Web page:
FINDING YOUR BODY

August 2, 2015

Just this past Saturday during one of my choreography classes, I paused long enough to set the tangos music we were using for our dance when I found myself saying "this time through, find your body."

 

In that moment it made perfect sense. I felt that I knew exactly why I'd said it, what it is that I was trying to communicate with it. I was self-satisfied and quite pleased with a good day of teaching.

Then class ended, everyone went about their day, I packed my things, got in my car and somehow I had no idea how I got to my destination. During the entire drive I was thinking "what the hell 'does find your body' mean?? My body is right here, it's attached to me.... it takes me places, it does stuff!"

So I thought back to what was happening in the moments before it occurred to me to make that ambiguous statament... I remember looking at one of the dancers and thinking that the movement was there, it was being performed exactly as taught, there was good isolation in the shoulders and rib cage, the feet were pivoting correctly: yet somehow it felt empty, I could see the movement but it seemed detached, like those paper dresses you attach to cardboard figures by folding the little tabs around the cut-out body.

 

Why was the movement not enough? Because it wasn't fully inhabited. Because what I really wanted to see was the person, the dancer, the enjoyment of their own body while performing that movement, the utter satisfaction of being so present, so completely absorbed and consumed by their limbs moving in space, that the technique and instruction became completely secondary.

 

I realize that every time I watch a performer I greatly admire, flamenco or otherwise, I see the whole person and any given movement is so completely drenched in their personality, their passion for the art form, that they seem to forget themselves while being so present at the same time. They own their body, imperfections and all. They never seem concerned, as we so often are, with how their butt looks at a certain angle or whether they're too old or too skinny or too musicular to wear that dress, because they know that their body is a vehicle for expressing something greater. And that requires time. Time for the technique to settle into your body enough that your conscious brain is not so involved and concerned with telling your body what to do every second. It also involves letting go of pre-conceived notions and self-judgement.

 

At some point, after years of study, of pounding out your frustration into the floor with your heels, of thinking through the minutae of every step, of small victories and moments of clarity, you have to connect with what you're doing. Really connect.

 

 

 

Let's take a simple movement of the arm rising up from a resting position at your side. There's all kinds of brain as well as muscular activity that takes place in order to lift that arm correctly. Most people can do it and make it look just fine. The arm goes from point A to point B in a nice clean sweep. Simply lifting it is biomechanics. Keeping your shoulder down, your back neutral, your tailbone slightly tucked under without tension is technique. The "art" of it all is something not quite so visible and tangible as biomechanics and technique, and yet it makes a far greater impact.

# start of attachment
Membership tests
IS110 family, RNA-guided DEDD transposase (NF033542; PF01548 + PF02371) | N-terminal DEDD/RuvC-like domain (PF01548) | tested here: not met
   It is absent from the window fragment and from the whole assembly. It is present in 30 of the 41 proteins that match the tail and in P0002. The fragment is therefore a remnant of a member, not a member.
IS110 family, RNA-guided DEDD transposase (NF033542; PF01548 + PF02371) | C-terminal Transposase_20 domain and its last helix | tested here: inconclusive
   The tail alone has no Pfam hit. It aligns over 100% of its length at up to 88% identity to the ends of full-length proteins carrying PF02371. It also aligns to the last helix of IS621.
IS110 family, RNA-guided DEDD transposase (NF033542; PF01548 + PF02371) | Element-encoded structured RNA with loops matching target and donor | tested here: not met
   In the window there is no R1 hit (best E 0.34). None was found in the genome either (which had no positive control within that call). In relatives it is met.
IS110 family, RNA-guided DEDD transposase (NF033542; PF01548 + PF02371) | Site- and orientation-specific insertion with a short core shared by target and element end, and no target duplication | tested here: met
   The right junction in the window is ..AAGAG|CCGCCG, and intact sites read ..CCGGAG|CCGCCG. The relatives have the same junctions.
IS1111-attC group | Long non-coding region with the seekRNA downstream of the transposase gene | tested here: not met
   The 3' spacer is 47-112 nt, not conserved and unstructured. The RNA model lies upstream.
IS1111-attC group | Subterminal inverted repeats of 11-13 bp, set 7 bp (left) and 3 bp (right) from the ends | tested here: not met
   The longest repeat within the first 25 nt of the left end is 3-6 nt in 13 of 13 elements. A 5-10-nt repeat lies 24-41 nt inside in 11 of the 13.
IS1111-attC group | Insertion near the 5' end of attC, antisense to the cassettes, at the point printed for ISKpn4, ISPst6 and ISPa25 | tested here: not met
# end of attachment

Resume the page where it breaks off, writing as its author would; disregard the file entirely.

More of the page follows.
The art is knowing that lifting the arm initiates somewhere far below the feet with a deep connection to the earth, with your legs feeding energy to the torso in the same way that the trunk of a tree delivers stability and nutrients from its roots to the tips of its branches.  The deeper the origin of the movement, the greater the potential for expression. There are times when lifting the arm can be a slow release that extends far beyond the fingertips and it seems to be suspended in time and last forever, other times when it's so sudden that you sense the energy being cut off at the hand right before it moves on to something else.

 

The art is never taking a movement for granted because it always has something to say. And that something is personal to you and no one else.

 

A movement is a living, breathing thing and that's why you can see the same flamenco solo performed by the same dancer two days in a row and it doesn't look or feel quite the same.

 

The art of it all is in "finding your body" within the art form: settling into it, getting comfortable in its bones, figuring out how it naturally wants to move, what makes it feel good, finding the soul that feeds its every movement, and enjoying it because the movement is yours, it's coming from within you and it doesn't look like anyone else's.

 

One more thought: after my class and my auto-pilot drive with a mind full of jumbled thoughts, I met some friends to go sailing. After hitting some rough patches where the boat struggled with a temperamental wind that seemed to come from every which way, we hit a nice stride and sailed through the water at just the right angle and speed. It felt effortless and exhilarating.

The skipper turned to me and in the most casual way said: "we're in the groove now, this is how this boat was meant to sail."

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